In operation, when the memory and I/O controller is in control, the SNAPM memory controller is barred from accessing the DRAM memory. Conversely, when the SNAPM memory controller is in control, the address/control and data buses from the memory and I/O controller are disconnected from the DRAM memory. However, the SNAPM memory controller continues to monitor the address and control bus for time critical commands such as memory refresh commands. Should the memory and I/O controller issue a refresh command while the SNAPM memory controller is in control of the DRAM memory, it will interleave the refresh command into its normal command sequence to the DRAM devices. Additionally, when the memory and I/O controller is in control, the SNAPM modules monitor the address and command bus for accesses to any control registers located on the module and can accept or drive replies to these commands without switching control of the collocated memory resources.
Functionally, the SNAPM controller contains a programmable direct memory access (“DMA”) engine which can perform random access and other DMA operations based on the state of any control registers or in accordance with other programmable information. The SNAPM controller is also capable of performing data re-ordering functions wherein the contents of the DRAM memory can be read out and then rewritten in a different sequence.
Particularly disclosed herein is a computer system comprising at least one dense logic device, a controller for coupling the dense logic device to a control block and a memory bus, a plurality of memory module slots coupled to the memory bus, an adapter port including shared memory resources associated with a subset of the plurality of memory module slots and a direct execution logic element coupled to the adapter port. The dense logic device and the direct execution logic element may both access the shared memory resources. In a preferred embodiment, the adapter port may be conveniently provided in a DIMM, RIMM or other memory module form factor.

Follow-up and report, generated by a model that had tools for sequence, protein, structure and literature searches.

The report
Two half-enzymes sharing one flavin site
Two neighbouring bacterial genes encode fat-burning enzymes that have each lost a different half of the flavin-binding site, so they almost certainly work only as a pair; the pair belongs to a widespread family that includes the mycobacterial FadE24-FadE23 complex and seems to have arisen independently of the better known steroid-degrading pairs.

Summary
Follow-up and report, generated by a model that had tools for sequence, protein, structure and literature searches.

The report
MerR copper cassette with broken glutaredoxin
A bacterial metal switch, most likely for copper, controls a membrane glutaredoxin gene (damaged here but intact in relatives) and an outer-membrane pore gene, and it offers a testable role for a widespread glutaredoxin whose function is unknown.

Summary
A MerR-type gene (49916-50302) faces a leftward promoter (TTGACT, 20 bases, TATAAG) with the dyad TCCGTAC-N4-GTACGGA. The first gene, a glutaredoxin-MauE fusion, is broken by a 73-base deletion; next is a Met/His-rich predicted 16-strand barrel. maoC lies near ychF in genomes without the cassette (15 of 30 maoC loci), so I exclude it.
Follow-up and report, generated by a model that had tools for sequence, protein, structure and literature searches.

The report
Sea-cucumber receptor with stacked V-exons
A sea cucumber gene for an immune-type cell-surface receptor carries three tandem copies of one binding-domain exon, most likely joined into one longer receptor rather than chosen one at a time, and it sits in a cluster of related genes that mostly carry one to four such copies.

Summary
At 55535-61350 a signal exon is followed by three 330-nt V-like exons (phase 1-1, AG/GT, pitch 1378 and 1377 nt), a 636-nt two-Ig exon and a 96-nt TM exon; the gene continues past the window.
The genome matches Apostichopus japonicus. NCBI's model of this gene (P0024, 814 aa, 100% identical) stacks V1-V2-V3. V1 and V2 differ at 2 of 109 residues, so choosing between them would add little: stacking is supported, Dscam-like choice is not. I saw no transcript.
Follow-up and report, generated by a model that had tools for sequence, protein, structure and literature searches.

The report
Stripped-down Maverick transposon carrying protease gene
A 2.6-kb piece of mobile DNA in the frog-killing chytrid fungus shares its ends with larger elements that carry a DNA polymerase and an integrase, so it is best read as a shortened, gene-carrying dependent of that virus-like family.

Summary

Also disclosed herein is a computer system comprising at least one dense logic device, an interleaved controller for coupling the dense logic device to a control block and a memory bus, a plurality of memory slots coupled to the memory bus, an adapter port including shared memory resources associated with at least two of the memory slots and a direct execution logic element coupled to at least one of the adapter ports.
Further disclosed herein is a computer system including an adapter port for electrical coupling between a memory bus of the computer system and a network interface. The computer system comprises at least one dense logic device coupled to the memory bus and the adapter port comprises a memory resource associated with the adapter port and a control block for selectively enabling access by the dense logic device to the memory resource. In a particular embodiment disclosed herein, the computer system may further comprise an additional adapter port having an additional memory resource associated with it and the control block being further operative to selectively enable access by the dense logic device to the additional memory resource.